Sorry for the gulf between columns. I had the privilege of visiting West Africa — specifically, Burkina Faso and Senegal — last month as part of a small delegation from Lansing. Dropping in for a short time hardly makes me an authority on anything I experienced, but I was awakened to a world hitherto only glimpsed through books and TV disaster snippets.
We met with leaders from Burkina Faso and Senegal who had visited here to learn about economic development and civil society. These folks work in their communities empowering women, helping those in extreme poverty, educating students from pre-K through university, training workers, protecting the environment and assisting entrepreneurs. They do it tirelessly, with great passion and compassion, and with no signs that they see this work as a burden, but rather as a responsibility to the places they call home.
Their stories are inspiring, especially as they have so few resources with which to work. But that hasn’t stopped them from opening schools and training centers for those in rural areas who otherwise would be left behind; getting women involved in the community, government and business; and tackling cultural taboos like female circumcision or polygamy. Burkina Faso just passed a law requiring that women have a minimum of 30 percent representation in their parliament or the political parties’ running slates will lose 50 percent of their funding. Meanwhile, Senegal has a parliamentary parity requirement of 50 percent women and men.
Women in Senegal have built a network of 106 organizations that work together on a wide range of issues in support of each other — and the affection they hold for one another and the spirit they bring to their work moved us all.
About a two-hour drive from the capital, Dakar, in the small town of Mboro, one organization has founded a school for children who are orphans, disabled, or otherwise so poor they have not been attending a regular school. The Center for Educational Research and Promotion of Children of Mboro, which we visited, helps get the younger children ready for entry into the formal school system, and those that do enter generally excel.
Those who come to the center too far behind to benefit from that form of education are trained here through the International Center for Practical Training in a trade — carpentry/woodworking, metal working, masonry, cosmetology, beekeeping — so they can move beyond their current station in life. But it doesn’t stop there. In Mboro, the center started a restaurant, a cyber café and a radio station that employ locals, while the profits they earn help sustain the school and training center.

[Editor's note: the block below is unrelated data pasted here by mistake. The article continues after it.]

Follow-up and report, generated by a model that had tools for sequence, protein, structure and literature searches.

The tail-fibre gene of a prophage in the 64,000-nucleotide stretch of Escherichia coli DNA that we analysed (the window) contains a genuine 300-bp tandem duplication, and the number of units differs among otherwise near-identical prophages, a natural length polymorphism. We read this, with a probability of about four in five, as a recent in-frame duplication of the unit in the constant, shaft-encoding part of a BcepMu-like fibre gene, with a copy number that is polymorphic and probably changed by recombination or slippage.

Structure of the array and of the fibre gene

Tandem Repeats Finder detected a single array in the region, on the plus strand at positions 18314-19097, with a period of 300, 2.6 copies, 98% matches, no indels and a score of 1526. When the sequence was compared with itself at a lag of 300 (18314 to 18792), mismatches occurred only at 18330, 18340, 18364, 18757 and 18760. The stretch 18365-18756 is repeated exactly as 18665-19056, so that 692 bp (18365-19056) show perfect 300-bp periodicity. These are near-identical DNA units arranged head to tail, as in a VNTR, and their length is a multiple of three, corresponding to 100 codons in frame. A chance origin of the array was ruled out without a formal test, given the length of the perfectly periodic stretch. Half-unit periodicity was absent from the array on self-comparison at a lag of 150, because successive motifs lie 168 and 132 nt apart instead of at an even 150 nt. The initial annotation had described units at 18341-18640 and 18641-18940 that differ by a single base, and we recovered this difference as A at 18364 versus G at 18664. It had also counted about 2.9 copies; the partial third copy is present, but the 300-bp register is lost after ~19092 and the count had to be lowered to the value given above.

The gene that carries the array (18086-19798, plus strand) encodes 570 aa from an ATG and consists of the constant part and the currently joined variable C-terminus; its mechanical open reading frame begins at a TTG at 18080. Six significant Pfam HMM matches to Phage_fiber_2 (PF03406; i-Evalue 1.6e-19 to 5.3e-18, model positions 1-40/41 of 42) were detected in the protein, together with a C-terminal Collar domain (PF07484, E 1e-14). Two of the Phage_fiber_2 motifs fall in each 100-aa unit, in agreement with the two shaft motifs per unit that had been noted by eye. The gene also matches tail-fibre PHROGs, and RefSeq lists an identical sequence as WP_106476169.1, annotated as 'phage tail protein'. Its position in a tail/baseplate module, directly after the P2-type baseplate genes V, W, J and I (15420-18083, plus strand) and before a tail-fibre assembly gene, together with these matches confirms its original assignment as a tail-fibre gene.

The leadership, staff and volunteers (we met a Peace Corps worker from Atlanta) are not only dedicated, but also effuse compassion and caring at high levels. There was no hubris or arrogance visible to me in this work they do for the community. The dedication to democracy, to sharing in decisions, to valuing and empowering every member of the society was most inspiring. Their countries may have come late to the application of political democracy, but I sense they have a deep commitment and appreciation of its force for building fulfilling lives for all.
Burkina Faso is listed as the seventh least developed country in the world by the United Nations Development Program’s indicators. Indeed, our visit to some market places and even in the capital city, Ougadougou, revealed poverty of the kind I’ve never seen. But I came away with a strong belief that people with ideas and commitment working together for their community can build a better world and in the process they, too, are fed. My colleagues from the delegation were equally humbled by this experience.
Upon returning I pondered how to connect the local with the global. One idea has emerged. Cascade Engineering in Grand Rapids has developed a biosand filter for water that requires no electricity and can provide clean water for a family for eight years. Might we send some over there to be tested in that environment and see how they work for the many millions with little or no access to clean water? If it works well, we could export the technology and help them manufacture it. There is no shortage of discarded plastic in either Burkina or Senegal, so perhaps collecting the plastic and repurposing it to make the filter containers could generate needed jobs and make clean water available while reducing trash — a win-win-win. Maybe this will work, but what other ways might we share the best we have in Lansing to meet the needs of others struggling to eke out a life?
That’s an economic development model more sustainable than a $10 million scoreboard: 100,000 water filters serving half a million people everyday for eight years.
(Terry Link was the founding director of MSU’s Office of Campus Sustainability and recently retired as director of the Greater Lansing Food Bank. He can be reached at email@example.com)